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Grant Reid

on 6 December 2014

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Calum Morton
Grant Reid
Joe Scott

'It is increasingly true that advertising must compete, within its media environment, for the attention of the viewer, reader or listener.'
(Yeshin, 2006)

Critically discuss the impact of advertising clutter on the attempts of advertisers to gain the attention of audiences and outline potential methods of overcoming the problem.
Media outlets that carry a high volume of advertising may well diminish the likelihood of the consumer remembering a particular advertisement for a brand.

(Yeshin, 2011: 349)
Clutter is a result of a phenomenon known as 'competitive interference', where companies compete to be the 'focal brand'.
The more adverts shown in a small space/over time, the less likely audiences will 'recall' them.
'Barriers to Advertising Success'
(Belch and Belch, 2012)
Avoidance Behaviours
Change the channel
Mute the sound
Ad Block
Talk to someone
Flick past the pages
Leaving the room
Will changing our attitude towards adverts solve the problem of avoidance?
Or do advertisers have to be more inventive with their adverts?
'Mac vs PC'
Endorsement: The Downside
"...think of the endorser as possessing some symbolic properties, which are transferred from the endorser to the endorsed brand (through advertising) and... from the brand to the consumer (through the act of purchasing/owning/consuming) (Batra, Myers and Aaker, 1996
What does this image say about Pepsi? There is only one David Beckham, so competitors will find it hard to copy this exact mix of associations.
Beating Clutter: Creative Approaches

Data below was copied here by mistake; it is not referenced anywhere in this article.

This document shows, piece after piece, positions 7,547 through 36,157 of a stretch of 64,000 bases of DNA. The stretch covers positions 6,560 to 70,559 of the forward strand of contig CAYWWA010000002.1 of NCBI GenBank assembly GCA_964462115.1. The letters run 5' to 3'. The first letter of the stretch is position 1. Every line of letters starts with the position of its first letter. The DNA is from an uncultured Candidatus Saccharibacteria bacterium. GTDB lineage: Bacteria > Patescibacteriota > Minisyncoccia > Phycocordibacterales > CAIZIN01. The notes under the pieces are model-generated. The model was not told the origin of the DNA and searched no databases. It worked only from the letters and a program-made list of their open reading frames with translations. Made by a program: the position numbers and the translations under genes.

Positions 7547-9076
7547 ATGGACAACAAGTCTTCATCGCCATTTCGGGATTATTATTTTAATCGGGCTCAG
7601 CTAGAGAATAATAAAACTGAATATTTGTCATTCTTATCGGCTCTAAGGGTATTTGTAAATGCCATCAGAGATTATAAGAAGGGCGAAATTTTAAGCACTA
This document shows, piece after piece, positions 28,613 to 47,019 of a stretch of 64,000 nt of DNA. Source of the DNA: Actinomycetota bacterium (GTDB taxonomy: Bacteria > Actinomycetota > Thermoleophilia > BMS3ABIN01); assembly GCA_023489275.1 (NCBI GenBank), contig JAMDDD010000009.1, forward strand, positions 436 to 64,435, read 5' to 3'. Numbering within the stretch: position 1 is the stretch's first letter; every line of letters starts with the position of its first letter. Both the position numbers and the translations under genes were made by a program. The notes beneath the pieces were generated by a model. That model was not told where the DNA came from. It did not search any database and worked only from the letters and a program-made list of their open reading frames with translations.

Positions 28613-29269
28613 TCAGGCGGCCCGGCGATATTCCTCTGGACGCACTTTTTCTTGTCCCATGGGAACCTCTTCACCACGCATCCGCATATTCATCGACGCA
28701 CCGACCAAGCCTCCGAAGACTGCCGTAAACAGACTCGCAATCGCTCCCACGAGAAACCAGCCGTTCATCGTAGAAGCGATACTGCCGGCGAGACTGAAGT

"A euro invested in a highly creative ad campaign had nearly double the sales impact of a euro spent on a noncreative campaign."

- Reinartz & Saffert in Harvard Business Review, June 2013
- Originality: Take a different approach to your competition

- Flexibility: Links to a range of ideas/uses

-Elaboration: Extend simple ideas

- Synthesis: Blending/connecting unrelated concepts/objects

- Artistic Value: Production values/sensory appeal
Avoiding Clutter
The #Putpockets anti-pickpocket campaign makes use of an environment you don't expect to contain advertising - your pocket
This Apple endorsement campaign combines rational and emotional approaches - creative and, in theory, effective - however, for the UK version they mis-read the audience's perceptions of Mitchell & Webb
Factual, direct comparisons to competitors can increase recall (Donthu, 1992) but may also appear dry/dated
Native Advertising
- Not a new idea, but one that has huge potential online applications

- Online ads compromise user experience, giving them low appeal.

- Native ads are designed to match the content of the media outlet they are featured in. Essentially they are trying to avoid triggering avoidance behaviour
Promoted tweets
Sponsored stories
Paid discovery
n. Native advertising is a form of paid media where the ad experience follows the natural form and function of the user experience in which it is placed. (definition by sharethrough.com)
Search results
Trial: 70% of 33%

Awareness/Attitude: 33% of 60%

Attention: 60% of 90%

Exposure: 90% of Target Market
Paid articles
Sponsored content
Marketed Content
Although the two appear, brands who produce their own content as part of an advertising/brand strategy are not making true native adverts. The power of native advertising lies in the credibility and popularity of the publishing outlet, the product's relevance to the consumers of that outlet, and its unobtrusiveness.
PaddyPower use the principles of flexibility and elaboration to allow their audience to create the original ideas for them:
First Direct opt for high production values, quirky synthesis (a platypus tells you about banking) along with an original "teaser" to stimulate some conversation about the campaign on multiple platforms:

“Attention can be viewed as an information filter--a screening mechanism that controls the quantity and nature of information any individual receives.” Batra (1996)
What is Attention?
The Basic Marketing Communication Model
Aww isnt that nice!
The Perception Process
Lets be Creative!
Full transcript